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Soc. Sci., Volume 8, Issue 12 (December 2019)

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Open AccessArticle
Diverse Citizenship? Food Sovereignty and the Power of Acting Otherwise
Soc. Sci. 2019, 8(12), 331; https://doi.org/10.3390/socsci8120331 (registering DOI) - 13 Dec 2019
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Abstract
This contribution discusses two different but interlinked fields of research: political theories of sovereignty and citizenship, as well as conceptualizations of emerging alternative food movements. In drawing on James Tully’s practiced-based understanding of ‘diverse citizenship’, as well as on other selected theories of [...] Read more.
This contribution discusses two different but interlinked fields of research: political theories of sovereignty and citizenship, as well as conceptualizations of emerging alternative food movements. In drawing on James Tully’s practiced-based understanding of ‘diverse citizenship’, as well as on other selected theories of postmodern political thought, it focuses on the contested political nature of the food sovereignty movement, specifically with regard to the dynamics and actions that have brought it into being. In doing so, it conceives of citizenship as materializing on the basis of multi-faceted practices of ‘acting otherwise’, which stands in sharp contrast to a conceptualization of citizenship as an institutionalized status, as it is understood in the liberal tradition. In order to deepen and to sharpen this alternative approach, this contribution additionally draws on Theodore Schatzki’s practice theory, which, despite its rather apolitical character, makes it possible to conceive of political practices as emergent and situational phenomena that are closely connected to the quotidian practices of everyday life. The combination of these perspectives bears great potential for theoretical discussions on alternative food movements as well as for their empirical investigation, since it puts emphasis on the way how practitioners and advocates for food sovereignty disclose themselves in multifaceted struggles over the imposition and the challenging of the rules of social living together. Full article
(This article belongs to the Special Issue Rethinking Environmental Citizenship for Grassroots Politics )
Open AccessArticle
The Impact of Productivity, Investment and Real Wages on Employment Absorption Rate in South Africa
Soc. Sci. 2019, 8(12), 330; https://doi.org/10.3390/socsci8120330 - 11 Dec 2019
Viewed by 152
Abstract
Many developing countries are facing high levels of unemployment and most people who are employed are poorly remunerated due to low skills and productivity levels. Although jobs are important, a productive job is even more important, not only for employees, but also for [...] Read more.
Many developing countries are facing high levels of unemployment and most people who are employed are poorly remunerated due to low skills and productivity levels. Although jobs are important, a productive job is even more important, not only for employees, but also for employers. South Africa, being a developing country, is also facing the challenge of dramatically high levels of unemployment. This study’s aim was to examine both the short- and long-term impacts of real wages, labour productivity and investment spending on employment absorption rates in South Africa. To establish the existing relationship between variables, the study applied several econometric approaches, such as an autoregressive distributed lag (ARDL) model, error correction model (ECM) and a Toda–Yamamoto causality analysis on quarterly time series data from 1995Q1 to 2019Q1. The results revealed the existence of both short- and long-run relationships among the variables. While a positive relationship was found between employment absorption, investment spending and labour productivity, it was found that real wages negatively impact on long-run employment absorption rates. Additionally, the short-run analysis indicated that the lagged employment absorption rate influences the current rate of employment. Furthermore, the causality tests indicated that a bi-directional causal relationship exists between employment absorption and investment spending; and a uni-directional relationship between employment and both real wages and labour productivity. Based on the findings, the study recommends increments of investment spending and labour productivity that enables the South African economy to carry out more activities that would require more workers, thereby improving the employment absorption rate. The fact that labour productivity positively impacts the employment absorption rate infers the requirement for quality and skilled workers to be absorbed in the South African labour market. Therefore, labour skills improvements appear to be a prerequisite for productivity enhancement and job creation. Full article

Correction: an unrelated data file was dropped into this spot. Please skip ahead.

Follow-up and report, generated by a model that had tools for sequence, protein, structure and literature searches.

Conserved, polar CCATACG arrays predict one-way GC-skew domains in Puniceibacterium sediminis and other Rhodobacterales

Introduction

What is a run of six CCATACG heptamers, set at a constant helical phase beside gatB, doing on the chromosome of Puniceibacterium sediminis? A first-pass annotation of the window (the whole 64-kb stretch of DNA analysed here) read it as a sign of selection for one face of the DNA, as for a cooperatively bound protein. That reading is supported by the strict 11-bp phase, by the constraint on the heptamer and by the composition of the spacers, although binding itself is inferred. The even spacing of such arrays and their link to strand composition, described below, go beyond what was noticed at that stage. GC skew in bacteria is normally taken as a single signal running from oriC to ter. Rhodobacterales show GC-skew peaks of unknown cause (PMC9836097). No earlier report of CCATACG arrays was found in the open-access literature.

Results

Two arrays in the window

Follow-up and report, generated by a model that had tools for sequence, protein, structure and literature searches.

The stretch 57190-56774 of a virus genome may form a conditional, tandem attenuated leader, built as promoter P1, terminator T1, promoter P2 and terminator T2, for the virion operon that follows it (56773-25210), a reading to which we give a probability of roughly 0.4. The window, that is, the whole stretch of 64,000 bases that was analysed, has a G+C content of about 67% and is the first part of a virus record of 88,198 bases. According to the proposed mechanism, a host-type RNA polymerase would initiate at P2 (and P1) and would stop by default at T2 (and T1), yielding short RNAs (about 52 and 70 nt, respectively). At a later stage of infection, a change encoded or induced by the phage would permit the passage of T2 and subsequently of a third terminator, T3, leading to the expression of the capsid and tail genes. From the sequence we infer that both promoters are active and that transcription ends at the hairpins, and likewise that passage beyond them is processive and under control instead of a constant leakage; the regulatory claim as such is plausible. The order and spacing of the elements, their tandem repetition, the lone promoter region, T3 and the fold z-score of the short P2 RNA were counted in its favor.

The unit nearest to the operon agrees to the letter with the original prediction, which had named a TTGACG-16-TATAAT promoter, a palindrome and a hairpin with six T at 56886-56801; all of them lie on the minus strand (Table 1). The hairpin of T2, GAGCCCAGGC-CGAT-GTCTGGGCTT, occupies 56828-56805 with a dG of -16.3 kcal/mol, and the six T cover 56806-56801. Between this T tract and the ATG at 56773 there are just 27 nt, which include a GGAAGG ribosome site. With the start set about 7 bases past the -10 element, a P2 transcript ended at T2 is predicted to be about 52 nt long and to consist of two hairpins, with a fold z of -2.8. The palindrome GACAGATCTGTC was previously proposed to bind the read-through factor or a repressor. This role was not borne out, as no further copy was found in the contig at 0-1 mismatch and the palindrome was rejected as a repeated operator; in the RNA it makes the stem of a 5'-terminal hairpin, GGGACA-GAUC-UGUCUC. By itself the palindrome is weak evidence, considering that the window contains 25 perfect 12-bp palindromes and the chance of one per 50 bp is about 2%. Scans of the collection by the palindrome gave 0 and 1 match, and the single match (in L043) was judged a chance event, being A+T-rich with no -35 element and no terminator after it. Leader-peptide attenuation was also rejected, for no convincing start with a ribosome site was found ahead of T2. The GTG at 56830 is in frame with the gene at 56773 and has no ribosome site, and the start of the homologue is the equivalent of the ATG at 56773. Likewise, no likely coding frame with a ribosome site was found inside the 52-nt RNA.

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Open AccessArticle
The Impact of Violent Crime on Obesity
Soc. Sci. 2019, 8(12), 329; https://doi.org/10.3390/socsci8120329 - 10 Dec 2019
Viewed by 231
Abstract
Dwelling in a violence-plagued neighborhood may amplify obesity by engendering psychological distress or by cultivating a sedentary, homebound lifestyle. This relationship is speculated to be especially relevant for black and Hispanic citizens because they are much more likely than whites to live in [...] Read more.